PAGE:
BitFenix Ghost Review
Up Close: Exterior
Finished in a deep anthracite as opposed to an outright black, and measuring 210x522x510mm, the Ghost appears as a demur dark monolith on the desk beside you. At first sight almost wholly featureless, however look closer and you'll see the design engineers at Bitfenix have never the less been allowed to sharpen their aesthetics pencils and add the odd little point of detail to the design. In particular the arched base of the case with slim brushed ally effect accent and the similarly arched recess in the door panel. The use of NanoChrome (which I have to admit at first I though was the stuff my crysis suite was coated in) ensures that both the metal and the plastic parts look identical in both colour and sheen.
Opening up the Serenitek lined front door we can see that BitFenix have provided 3x5.25" bays along with a cut out for a Floppy drive (seriously, this is 2012, how many of you have floppy drives?). in addition to being lined with an acoustic insulator the door can be easily swapped around to enable opening from either the left or right hand side. This is accomplished by means of a pair of simple plastic clips and it has to be said is one of the most simple methods we've ever seen employed.
Below the 5.25" bay area we find a large mesh panel filter area. This mesh panel is easily removed my means of push/click release mechanism, permitting us access to the front intake fan area. Bitfenix have included one of their very quiet Spectre fans in this position however in total 2x 120mm fans or 1x140mm fans can be fitted here.
The top of the case as you would expect is where you'll find the power, reset and front I/O options. Along with the usual switches and lights you'll get a pair of USB2 and USB3s along with a mic and phono jack connection.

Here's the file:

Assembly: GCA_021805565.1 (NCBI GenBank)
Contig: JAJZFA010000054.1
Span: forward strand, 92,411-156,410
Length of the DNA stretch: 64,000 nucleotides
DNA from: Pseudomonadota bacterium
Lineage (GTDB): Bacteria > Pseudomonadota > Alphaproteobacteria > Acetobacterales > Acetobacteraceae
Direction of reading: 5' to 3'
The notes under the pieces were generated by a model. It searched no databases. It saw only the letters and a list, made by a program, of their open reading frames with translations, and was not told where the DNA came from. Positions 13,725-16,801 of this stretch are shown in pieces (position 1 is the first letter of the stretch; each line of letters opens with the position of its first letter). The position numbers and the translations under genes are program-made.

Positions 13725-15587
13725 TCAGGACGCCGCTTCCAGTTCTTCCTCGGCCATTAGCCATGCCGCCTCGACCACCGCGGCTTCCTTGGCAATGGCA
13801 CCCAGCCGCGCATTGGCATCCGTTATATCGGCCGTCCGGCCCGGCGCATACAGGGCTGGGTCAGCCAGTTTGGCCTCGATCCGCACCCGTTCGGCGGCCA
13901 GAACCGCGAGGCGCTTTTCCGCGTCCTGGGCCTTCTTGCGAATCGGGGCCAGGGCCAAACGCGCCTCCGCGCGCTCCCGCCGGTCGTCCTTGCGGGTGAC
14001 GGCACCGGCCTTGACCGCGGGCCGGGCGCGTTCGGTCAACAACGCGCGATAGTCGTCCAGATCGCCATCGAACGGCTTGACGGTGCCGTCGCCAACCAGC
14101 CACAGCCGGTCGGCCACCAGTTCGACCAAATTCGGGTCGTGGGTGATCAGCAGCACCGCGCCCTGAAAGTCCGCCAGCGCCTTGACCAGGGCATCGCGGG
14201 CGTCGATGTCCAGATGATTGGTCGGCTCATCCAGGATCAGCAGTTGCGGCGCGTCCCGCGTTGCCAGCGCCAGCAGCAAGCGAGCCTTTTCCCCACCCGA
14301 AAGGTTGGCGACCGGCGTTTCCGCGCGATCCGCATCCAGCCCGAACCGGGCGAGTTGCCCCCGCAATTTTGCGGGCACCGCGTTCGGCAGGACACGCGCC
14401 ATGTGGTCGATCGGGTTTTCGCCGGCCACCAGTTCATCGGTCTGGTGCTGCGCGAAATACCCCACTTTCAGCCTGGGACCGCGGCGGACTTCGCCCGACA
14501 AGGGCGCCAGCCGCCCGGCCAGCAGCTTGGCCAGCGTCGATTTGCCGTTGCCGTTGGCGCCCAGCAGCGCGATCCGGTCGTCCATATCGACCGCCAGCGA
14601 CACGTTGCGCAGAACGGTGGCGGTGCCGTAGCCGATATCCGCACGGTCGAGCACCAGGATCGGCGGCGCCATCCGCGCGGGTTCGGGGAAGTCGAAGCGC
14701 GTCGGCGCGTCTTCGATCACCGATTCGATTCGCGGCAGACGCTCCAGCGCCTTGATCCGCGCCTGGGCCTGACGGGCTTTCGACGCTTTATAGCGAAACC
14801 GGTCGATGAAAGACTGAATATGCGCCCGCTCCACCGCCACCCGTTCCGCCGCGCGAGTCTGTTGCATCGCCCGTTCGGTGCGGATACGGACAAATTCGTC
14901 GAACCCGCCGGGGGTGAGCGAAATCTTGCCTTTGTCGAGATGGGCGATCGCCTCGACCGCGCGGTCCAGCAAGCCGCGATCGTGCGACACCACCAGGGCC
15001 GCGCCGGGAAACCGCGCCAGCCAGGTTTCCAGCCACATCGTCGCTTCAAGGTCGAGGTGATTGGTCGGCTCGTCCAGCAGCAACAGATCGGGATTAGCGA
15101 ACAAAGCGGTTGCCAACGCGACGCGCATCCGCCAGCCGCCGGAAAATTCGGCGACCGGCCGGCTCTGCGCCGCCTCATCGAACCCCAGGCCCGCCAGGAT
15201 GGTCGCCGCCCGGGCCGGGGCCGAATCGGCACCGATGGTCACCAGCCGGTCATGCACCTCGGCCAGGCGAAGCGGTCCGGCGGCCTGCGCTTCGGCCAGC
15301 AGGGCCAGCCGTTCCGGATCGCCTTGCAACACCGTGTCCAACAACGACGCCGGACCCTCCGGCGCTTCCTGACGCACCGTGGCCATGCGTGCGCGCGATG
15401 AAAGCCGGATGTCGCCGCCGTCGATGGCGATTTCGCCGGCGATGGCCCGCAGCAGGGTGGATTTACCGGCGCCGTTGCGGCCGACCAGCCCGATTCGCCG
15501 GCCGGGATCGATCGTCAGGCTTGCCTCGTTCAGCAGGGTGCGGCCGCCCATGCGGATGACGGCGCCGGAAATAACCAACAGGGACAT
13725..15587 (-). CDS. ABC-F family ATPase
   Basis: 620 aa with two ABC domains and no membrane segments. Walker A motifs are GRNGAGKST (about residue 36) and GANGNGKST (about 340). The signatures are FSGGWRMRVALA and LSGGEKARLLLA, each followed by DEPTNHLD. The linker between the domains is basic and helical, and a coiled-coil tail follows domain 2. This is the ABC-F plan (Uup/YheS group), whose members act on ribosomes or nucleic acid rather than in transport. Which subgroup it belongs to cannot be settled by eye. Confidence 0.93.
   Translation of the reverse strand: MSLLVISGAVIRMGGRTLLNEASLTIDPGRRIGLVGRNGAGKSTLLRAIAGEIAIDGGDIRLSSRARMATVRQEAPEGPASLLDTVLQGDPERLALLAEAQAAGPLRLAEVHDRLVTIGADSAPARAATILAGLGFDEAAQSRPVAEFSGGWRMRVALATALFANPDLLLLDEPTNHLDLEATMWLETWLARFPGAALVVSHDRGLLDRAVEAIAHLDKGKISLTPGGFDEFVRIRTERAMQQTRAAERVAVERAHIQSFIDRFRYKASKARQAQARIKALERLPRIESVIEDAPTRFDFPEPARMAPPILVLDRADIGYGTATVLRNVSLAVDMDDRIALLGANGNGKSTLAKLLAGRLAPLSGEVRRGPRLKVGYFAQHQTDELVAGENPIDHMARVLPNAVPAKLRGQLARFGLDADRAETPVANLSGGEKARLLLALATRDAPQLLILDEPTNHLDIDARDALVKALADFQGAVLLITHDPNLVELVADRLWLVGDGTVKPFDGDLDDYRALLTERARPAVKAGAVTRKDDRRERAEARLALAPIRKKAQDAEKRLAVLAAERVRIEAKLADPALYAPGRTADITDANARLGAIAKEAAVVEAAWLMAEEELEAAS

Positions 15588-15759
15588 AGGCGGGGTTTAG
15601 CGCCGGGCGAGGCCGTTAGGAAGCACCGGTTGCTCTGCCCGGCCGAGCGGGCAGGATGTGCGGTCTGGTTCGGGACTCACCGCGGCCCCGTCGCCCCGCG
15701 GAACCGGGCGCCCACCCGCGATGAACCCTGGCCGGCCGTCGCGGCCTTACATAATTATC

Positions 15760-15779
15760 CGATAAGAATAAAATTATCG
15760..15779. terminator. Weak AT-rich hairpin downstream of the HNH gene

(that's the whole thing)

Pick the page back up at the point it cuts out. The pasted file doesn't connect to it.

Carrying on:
Behind the front I/O area lies a barely noticeable panel. Again secured by means of the push/click/release catch. Once opened a small chamber is revealed in which you can stow all those little gadgets that are so crucial to modern living. I suspect it's also possible to get a large supply of Haribo sweets in there but have not been able to confirm this as yet. The true purpose of this chamber though is to provide hot swap functionality for your HDD and SSD drives. Able to take a full size 3.5" HDD the tray also has subtle padded ridges to provide a degree of isolation. A protective cover is also provided in the accessories pack to prevent damage to the pins when not in use as a drive bay.
At the rear of the roof we again find a large mesh area, which is released in the now established fashion. It's actually quite nice when a manufacturer keeps to the same theme for opening and closing areas at it's little touches like this that make our lives that little bit easier. Popping out the filter mesh panel reveals a large chamber, which although devoid of fans can be used to house a veritable smorgasbord of cooling solutions. In addition to housing fans this area provides native support for radiators up to 35mm thick, shown below with the XSPC EX 240. Although providing an escape route for hot air, for a case that is intended to be silent, we can't help thinking that such a large un-obscured aperture in the roof will do little to improve the case's sonic characteristics. Perhaps the inclusion of the radiator will serve to better insulate the noise.
The rear of the case has things laid out as you would expect, with the rear I/O and rear case fan (again a spectre 120mm) at the upper end of the rear, along with 3 metal punch-outs should you wish to add external water-cooling. Although in the images below it might appear that these are rubber grommetted they are not, so should you use them after you have removed the punchouts you will need to be wary of the metal edges damaging your tubing. At the base of the case we find the PSU cut out and 7 solid PCI covers. To the right of these is a perforated area allowing for additional ventilation.
Last but not least on our trip around the exterior of the Ghost we look at the base. Standing on 4 rubber feet the base is raised by means of a wide arch, this not only allows for good airflow up and under to the PSU area but also lends a certain aesthetic sweep to an otherwise bland area of any case. 3/4 of the base is taken up by a large removable mesh filter panel. The panel is sturdy and is held securely in place by 6 small magnets. Two small troughs run alongside either case edge, being specifically designed to accommodate the BitFenix Alchemy LED strips, but more of them later when we get to the build.